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Yu Zhao, Charles DeBoer, Mandheerej Nandra, James Weiland, Mark Humayun, Yu-Chong Tai; An Optimal Power Coil Configuration to Minimize Surgical Cut for Intraocular Retinal Prostheses. Invest. Ophthalmol. Vis. Sci. 2013;54(15):1056.
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© ARVO (1962-2015); The Authors (2016-present)
Power coils used in current telemetries powering the epiretinal, subretinal and suprachoroidal prosthetic devices, such as microfabricated planar coil with metal electroplating and wire-wound coil, are not suitable/ideal for intraocular implantation as they are usually thick, rigid and large. For intraocular implantation, we propose a foil coil as an optimized configuration. It demonstrates not only better electrical performance, but also superior mechanical flexibility and bendability allowing the surgeon to implant through a minimal incision.
The lens capsule is a possible intraocular implantation site for the telemetry coils, which also sets the size and mass constraints. This implantation is similar to the common intraocular lens implantation. While making the best use of the coil winding window, it is still necessary to make the coil flexible for minimally invasive surgical implantation. Flexural stiffness, i.e., resistance to bending, equals to the product of the Young’s modulus E and second moment of area I reflecting the material stiffness and its geometrical cross section, respectively. Given same constructing metal, second moment of area varies with cross-sectional size and geometry (Fig. 1). The long-span high-aspect ratio foil strip can achieve smallest I and therefore the most flexibility. The strip was fabricated using a parylene-metal-parylene sandwich structure. The thermally deposited metal is thin (0.25 μ m) and patterned to form a 1-mm-wide stripe to fit into lens capsule. After the foil was dry-peeled off from the silicon substrate and manually wound into a circular coil, the original width of the encapsulated metal foil becomes the equivalent thickness of the coil.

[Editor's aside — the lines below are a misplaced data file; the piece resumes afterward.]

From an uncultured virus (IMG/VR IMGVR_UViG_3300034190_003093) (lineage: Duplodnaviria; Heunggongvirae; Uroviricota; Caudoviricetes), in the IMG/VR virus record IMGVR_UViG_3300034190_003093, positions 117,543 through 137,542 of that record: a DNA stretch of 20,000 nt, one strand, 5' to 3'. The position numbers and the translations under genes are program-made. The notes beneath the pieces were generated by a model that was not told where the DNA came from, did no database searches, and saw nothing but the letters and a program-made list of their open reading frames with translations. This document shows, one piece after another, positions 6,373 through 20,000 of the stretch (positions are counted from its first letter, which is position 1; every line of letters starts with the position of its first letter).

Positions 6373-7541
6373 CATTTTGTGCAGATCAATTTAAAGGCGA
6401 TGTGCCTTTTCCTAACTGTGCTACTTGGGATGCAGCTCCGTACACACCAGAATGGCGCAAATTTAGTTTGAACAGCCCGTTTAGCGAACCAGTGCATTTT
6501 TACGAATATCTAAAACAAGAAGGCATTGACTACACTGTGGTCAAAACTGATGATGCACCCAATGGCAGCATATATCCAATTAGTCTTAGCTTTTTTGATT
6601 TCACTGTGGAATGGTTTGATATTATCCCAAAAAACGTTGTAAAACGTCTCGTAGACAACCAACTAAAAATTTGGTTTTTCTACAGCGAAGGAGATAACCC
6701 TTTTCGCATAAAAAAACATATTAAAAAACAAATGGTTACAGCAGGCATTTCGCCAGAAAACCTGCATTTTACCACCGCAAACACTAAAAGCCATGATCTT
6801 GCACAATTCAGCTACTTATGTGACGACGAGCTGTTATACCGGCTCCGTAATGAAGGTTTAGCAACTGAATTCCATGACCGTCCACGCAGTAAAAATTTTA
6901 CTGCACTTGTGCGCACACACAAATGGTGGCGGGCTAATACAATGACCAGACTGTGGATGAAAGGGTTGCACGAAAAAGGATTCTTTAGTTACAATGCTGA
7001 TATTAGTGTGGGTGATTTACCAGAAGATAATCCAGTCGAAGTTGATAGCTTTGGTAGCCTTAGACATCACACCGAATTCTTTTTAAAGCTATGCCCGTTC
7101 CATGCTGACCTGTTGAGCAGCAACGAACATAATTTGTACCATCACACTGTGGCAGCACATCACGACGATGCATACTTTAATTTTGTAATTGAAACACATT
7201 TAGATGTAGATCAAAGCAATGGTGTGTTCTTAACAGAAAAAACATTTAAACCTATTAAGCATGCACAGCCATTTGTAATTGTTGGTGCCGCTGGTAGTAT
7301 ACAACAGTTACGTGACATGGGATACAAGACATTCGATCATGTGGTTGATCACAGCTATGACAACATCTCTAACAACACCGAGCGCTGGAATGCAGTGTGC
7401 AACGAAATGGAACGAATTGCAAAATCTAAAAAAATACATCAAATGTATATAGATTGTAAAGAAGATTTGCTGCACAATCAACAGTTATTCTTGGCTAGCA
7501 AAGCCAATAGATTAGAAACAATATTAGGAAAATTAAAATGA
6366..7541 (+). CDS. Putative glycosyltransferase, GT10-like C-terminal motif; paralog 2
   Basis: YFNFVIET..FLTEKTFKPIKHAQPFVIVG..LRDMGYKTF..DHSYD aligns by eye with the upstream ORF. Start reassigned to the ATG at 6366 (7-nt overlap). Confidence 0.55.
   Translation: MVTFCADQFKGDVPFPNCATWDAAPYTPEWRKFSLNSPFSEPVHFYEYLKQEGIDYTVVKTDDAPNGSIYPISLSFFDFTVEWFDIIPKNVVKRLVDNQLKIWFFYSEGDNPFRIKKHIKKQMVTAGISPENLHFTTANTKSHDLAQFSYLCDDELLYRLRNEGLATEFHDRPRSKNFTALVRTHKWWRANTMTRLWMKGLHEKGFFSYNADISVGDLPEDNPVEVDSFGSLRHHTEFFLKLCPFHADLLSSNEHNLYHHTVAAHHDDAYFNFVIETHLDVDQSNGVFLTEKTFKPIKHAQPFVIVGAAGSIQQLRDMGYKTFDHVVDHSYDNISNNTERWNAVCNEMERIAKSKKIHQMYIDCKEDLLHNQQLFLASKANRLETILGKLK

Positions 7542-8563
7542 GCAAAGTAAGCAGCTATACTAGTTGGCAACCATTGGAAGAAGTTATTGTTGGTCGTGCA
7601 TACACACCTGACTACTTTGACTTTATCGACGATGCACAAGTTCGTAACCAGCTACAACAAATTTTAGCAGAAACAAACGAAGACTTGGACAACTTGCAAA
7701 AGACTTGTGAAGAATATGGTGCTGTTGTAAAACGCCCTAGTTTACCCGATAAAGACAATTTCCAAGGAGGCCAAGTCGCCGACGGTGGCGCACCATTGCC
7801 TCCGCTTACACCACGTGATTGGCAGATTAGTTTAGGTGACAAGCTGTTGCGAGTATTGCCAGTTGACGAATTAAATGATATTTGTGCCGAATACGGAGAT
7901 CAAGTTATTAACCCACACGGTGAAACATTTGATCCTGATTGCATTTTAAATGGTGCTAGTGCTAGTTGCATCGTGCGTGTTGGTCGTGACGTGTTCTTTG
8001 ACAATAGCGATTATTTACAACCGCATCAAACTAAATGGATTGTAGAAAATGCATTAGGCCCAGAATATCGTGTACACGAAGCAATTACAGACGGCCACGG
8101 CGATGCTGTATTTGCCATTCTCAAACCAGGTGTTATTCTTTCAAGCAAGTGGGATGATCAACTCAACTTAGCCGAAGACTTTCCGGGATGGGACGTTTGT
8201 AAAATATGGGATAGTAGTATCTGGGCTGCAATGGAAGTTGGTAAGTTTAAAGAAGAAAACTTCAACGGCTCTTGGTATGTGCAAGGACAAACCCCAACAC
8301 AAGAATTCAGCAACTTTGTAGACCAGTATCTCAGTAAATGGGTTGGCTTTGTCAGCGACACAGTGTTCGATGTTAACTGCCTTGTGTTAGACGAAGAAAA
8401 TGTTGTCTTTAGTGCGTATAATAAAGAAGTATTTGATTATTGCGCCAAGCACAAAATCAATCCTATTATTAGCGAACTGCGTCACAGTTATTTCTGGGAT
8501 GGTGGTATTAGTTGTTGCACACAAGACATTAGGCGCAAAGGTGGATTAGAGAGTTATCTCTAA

To demonstrate the surgical feasibility, the coil was implanted into the lens capsule of a porcine eye (Fig. 2). The coil was compressed and inserted into a porcine lens capsule through a capsulorhexis. After implantation the forceps were withdrawn and the coil regained its circular shape (dotted circle in the middle panel). By observing the implanted coil after removal of the iris, the full recovery of the coil shape was achieved in vitro.
Foil coil configuration has been theoretically proven and experimentally demonstrated to be more bendable, thus less invasive during implantation. The resulting smaller surgical incision has the potential to reduce post operative recovery time.
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